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Published: Tuesday 29th of October 2013
The novel “Night” by Elie Wiesel is an autobiographical narrative following the writer’s own experience with his father in Auschwitz and Buchenwald, two of the most notorious Nazi concentration camps during the Second World War. This story is short, just over 100 pages in length, but serves as a captivating piece of highly renowned literature. Fortunately, Wiesel survived the holocaust but unfortunately, his father did not.
During that novel the main narrator Eliezer undergoes a series of life-changing discoveries, his most prominent being that he renounces his faith in God. Another is a reversal of the father-son relationship, whereby he becomes disgusted with himself for wanting his father to stop depending on him and being a dead weight. In this novel, Elie obviously needs to fend for himself just like every other person in a concentration camp and his father is, unfortunately, a huge burden on him and holds him back. Elie longs to be with his father, yet his relationship changes as he becomes his caregiver, watching him decline and deteriorate rapidly into helplessness.
The novel outlines truly barbaric ways of concentration camps and how humanity breaks down in horrific and seemingly unimaginable ways. Wiesel intended his short novel to remind future generations of the horrific times of the holocaust, hoping for history to not repeat itself in future. As an autobiographical novel, this leads a reader to the most intimate thoughts and soliloquies, offering a precise representation of how things were. Sincerity of this message and eyewitness accounts hold true and make one feel that they are within the others in the concentration camps.
Read the book and you’ll notice that Elie’s life has been completely changed by what he witnessed during the Holocaust. The writer’s faith is being put into question throughout his novel as he becomes increasingly unsure of his faith as the novel progresses. Throughout this novel, Elie witnesses many key tragic events that put his faith into question, such as being forced to watch young children’s bodies’ burn slowly to death or when he witnesses a young boy exploit his father for food to the point that the boy’s father dies. Elie’s account of malnourishment in camps is impeccable and harrowing to read – there are even descriptions of people killing others in order to sustain themselves to live on. It becomes a dog-eat-dog world as soon as prisoners enter the concentration camps. This puts everything into perspective for Elie, his faith weakening and ultimately him reconsidering his belief in God and Judaism. Elie ponders deep ethical questions, such as how can God allow a man to kill another man? How can God let society evolve to take such a brutal turn for the worse? If there is a loving God who wants the best for everyone, why has he let so many people suffering needlessly? These are all questions that ultimately a reader ponders too.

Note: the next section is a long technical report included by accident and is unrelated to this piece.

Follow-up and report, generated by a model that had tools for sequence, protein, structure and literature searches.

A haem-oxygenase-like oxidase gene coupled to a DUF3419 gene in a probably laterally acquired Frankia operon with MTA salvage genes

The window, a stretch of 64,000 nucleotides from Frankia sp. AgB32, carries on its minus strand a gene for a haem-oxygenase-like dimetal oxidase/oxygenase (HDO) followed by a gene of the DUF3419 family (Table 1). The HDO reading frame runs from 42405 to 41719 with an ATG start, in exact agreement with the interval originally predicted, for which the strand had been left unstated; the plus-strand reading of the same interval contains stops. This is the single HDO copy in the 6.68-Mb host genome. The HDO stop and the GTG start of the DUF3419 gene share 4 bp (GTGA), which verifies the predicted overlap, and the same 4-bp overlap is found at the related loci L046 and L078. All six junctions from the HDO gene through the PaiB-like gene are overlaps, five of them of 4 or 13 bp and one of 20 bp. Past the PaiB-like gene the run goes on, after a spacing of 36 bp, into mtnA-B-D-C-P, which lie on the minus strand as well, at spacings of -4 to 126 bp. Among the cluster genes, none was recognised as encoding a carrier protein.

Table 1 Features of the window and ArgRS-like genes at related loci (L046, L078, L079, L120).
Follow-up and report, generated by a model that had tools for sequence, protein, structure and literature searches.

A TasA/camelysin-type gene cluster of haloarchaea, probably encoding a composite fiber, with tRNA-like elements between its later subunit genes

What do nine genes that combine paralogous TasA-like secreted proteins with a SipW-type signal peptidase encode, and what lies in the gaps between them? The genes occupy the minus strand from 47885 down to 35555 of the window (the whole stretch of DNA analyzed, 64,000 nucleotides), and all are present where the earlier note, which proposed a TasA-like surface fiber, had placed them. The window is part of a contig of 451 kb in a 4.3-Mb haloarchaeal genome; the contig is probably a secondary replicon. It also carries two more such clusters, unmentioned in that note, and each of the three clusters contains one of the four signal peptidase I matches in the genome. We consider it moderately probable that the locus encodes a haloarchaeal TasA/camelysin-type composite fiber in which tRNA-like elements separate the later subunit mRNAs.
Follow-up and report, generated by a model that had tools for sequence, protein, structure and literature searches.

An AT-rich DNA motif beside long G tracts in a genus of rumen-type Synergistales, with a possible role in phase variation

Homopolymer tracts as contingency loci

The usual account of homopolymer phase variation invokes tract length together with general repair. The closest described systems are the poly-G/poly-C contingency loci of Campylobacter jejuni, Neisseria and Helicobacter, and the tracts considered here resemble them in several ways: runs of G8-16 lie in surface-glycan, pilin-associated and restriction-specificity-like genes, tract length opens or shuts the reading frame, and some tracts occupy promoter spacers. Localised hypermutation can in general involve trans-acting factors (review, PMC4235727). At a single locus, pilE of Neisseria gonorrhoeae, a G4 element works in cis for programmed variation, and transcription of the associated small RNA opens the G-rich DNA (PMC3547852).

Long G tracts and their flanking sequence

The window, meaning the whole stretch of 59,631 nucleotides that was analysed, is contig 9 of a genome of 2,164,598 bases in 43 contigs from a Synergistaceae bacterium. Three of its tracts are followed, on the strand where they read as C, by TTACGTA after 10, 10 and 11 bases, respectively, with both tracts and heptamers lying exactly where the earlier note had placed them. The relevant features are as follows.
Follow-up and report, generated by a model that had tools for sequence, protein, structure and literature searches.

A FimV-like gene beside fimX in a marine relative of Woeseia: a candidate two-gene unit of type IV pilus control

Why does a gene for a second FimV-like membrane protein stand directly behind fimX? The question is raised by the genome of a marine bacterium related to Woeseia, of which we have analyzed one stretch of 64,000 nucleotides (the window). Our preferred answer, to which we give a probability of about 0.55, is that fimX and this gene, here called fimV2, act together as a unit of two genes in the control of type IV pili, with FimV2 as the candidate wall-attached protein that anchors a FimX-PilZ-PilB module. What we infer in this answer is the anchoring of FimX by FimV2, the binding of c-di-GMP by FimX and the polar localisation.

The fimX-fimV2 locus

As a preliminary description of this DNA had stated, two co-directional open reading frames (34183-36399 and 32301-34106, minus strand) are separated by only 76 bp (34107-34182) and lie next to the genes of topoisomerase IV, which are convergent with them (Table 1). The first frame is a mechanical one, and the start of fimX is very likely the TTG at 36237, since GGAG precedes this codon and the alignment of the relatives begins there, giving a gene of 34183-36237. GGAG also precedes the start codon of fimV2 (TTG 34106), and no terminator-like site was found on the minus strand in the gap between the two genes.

It comes as no surprise that Elie’s father dies within the novel, however, when Elie is confronted with this stark reality, he does not weep. Wiesel has made a point that death has become so commonplace for him and has become so accustomed to people dying that it has no bearing on him whatsoever. Elie wonders why so many innocent lives are taken from the world, yet ends up not being phased when they are taken away. This further leads Elie to question God’s purpose and whether he exists. In the same way that Elie has become unfazed by death, the author illustrates how guards in camps have also become unfazed by death as they inflict suffering that leads to countless deaths of innocent people. It is as if every person in this novel has embraced death in some way or another, with obvious worse outcomes for some than others.
Novel outlines the complete lack of moral code as well a the total disregard for ethics, both from guards and even from prisoner’s points of viewing themselves. It is obvious that guards are engaging in highly unethical behavior throughout this book – guards use cruel force on prisoners, subject prisoners to random beatings and treat them with the least dignity and respect imaginable. Some of the prisoners are even beaten until they lose consciousness as punishment for things that shouldn’t even be punishable. It is Elie’s own father that succumbs to these beatings. Unfortunately, this leads to the end of his father’s life as he is beaten in his bed to his death by guards. Elie doesn’t speak up for fear of being beaten himself. In other cases, guards are abusing prisoners Hazel by hanging children – the author questions how God allows such things to happen in his world.